The movie's US $40.2 million opening weekend take in the United States marked a career best for director Martin Scorsese. It went on to gross over $293 million worldwide, making it the highest grossing film of his career. This was later surpassed by The Wolf of Wall Street.
The quote "remember us for we too have lived, loved and laughed" seen on a plaque on the way to the mental institution is taken from Medfield's Vine Lake Cemetery. A contest was held to come up with a quote to be used on a stone marker as a remembrance of those who died in the 1918 influenza epidemic known as the Spanish flu.
The ball-point pen Teddy uses in the film is a Parker Jotter, it was released in 1954 (the year the film takes place) and was the first successful and reliable ball-point pen to hit the market, which quickly drove fountain pens into obsolescence. Over 3.5 million pens were sold that year and the Parker Jotter dominated the ball-point pen market during that decade.
First scheduled to be released by Paramount in the US and Canada on 2 October 2009 to be in contention for that year's Oscars. Paramount later pushed the film back to 19 February 2010 due to financing problems (the studio didn't have the $50-$60 million necessary to promote an awards movie). Another reason cited for the push-back was Leonardo DiCaprio's unavailability for the interview circuit due to other filming commitments. Paramount also figured that a film geared towards adult audiences might achieve some traction in the doldrums month of February when there are traditionally very few "intelligent" movies released.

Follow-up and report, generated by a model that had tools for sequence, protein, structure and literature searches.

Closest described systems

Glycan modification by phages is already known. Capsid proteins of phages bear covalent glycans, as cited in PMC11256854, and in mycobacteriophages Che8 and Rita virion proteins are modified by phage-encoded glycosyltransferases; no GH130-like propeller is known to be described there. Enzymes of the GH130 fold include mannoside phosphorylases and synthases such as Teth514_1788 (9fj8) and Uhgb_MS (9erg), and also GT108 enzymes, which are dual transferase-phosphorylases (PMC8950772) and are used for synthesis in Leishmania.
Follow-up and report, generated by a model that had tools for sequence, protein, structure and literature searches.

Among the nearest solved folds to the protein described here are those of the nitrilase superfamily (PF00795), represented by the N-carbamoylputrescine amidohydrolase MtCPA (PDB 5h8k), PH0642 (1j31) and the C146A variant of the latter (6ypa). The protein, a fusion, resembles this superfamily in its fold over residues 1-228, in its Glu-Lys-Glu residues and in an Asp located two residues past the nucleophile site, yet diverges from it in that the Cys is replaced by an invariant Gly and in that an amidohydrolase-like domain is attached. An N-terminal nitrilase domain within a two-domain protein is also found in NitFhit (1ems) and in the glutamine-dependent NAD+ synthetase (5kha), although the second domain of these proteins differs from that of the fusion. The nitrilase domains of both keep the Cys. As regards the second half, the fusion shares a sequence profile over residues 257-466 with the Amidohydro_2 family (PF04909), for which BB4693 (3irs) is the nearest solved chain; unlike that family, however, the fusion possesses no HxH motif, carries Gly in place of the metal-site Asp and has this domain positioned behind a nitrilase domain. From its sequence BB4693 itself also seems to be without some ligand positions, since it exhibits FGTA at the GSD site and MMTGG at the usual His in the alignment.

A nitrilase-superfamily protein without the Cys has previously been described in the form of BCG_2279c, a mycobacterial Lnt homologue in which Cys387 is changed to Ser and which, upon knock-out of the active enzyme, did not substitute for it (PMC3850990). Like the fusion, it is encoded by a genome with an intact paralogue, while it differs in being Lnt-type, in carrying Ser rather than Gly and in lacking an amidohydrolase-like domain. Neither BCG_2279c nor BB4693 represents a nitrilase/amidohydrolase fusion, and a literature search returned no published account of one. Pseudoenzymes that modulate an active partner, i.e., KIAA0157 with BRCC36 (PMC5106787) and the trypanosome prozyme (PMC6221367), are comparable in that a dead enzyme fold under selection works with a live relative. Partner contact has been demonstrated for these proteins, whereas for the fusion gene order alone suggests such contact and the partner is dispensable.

Scenery from Peddocks Island (initial island approach), Peddock's Island in Boston Harbor, MA, Acadia National Park in Maine, Medfield State Hospital in Medfield, MA, and the Rice Estate at Turner Hill Country Club in Ipswich, MA were combined via CGI to create the imagery of Shutter Island as a whole. The large mountainous area of the island seen during the ferry approach was added in post-production and does not exist, but the decaying brick buildings on the lowlands are real ruins from Peddocks Island.
Shortly before its original release in October 2009, the movie was pushed back to February 2010. It did, however, have a special "secret" screening at Austin's "Butt-Numbathon" film festival in December of 2009. Critics attended the screening but were asked not to release their reviews until the official release date.
The film was intended to be released in October 2009 but it was postponed because Paramount's remaining yearly marketing and Oscars campaigning budget could only afford for its two other movies, Up in the Air (2009) and The Lovely Bones (2009).
Even though Auschwitz is the most commonly known concentration/death camp to have the iron gates with arbeit macht frei (work sets you free), it is not the only camp to have this inscription whether on a gate or elsewhere. Dachau did have the iconic gate as well so it is correct that Teddy would have seen this gate and the gate would be in the scenes of them liberating the camp.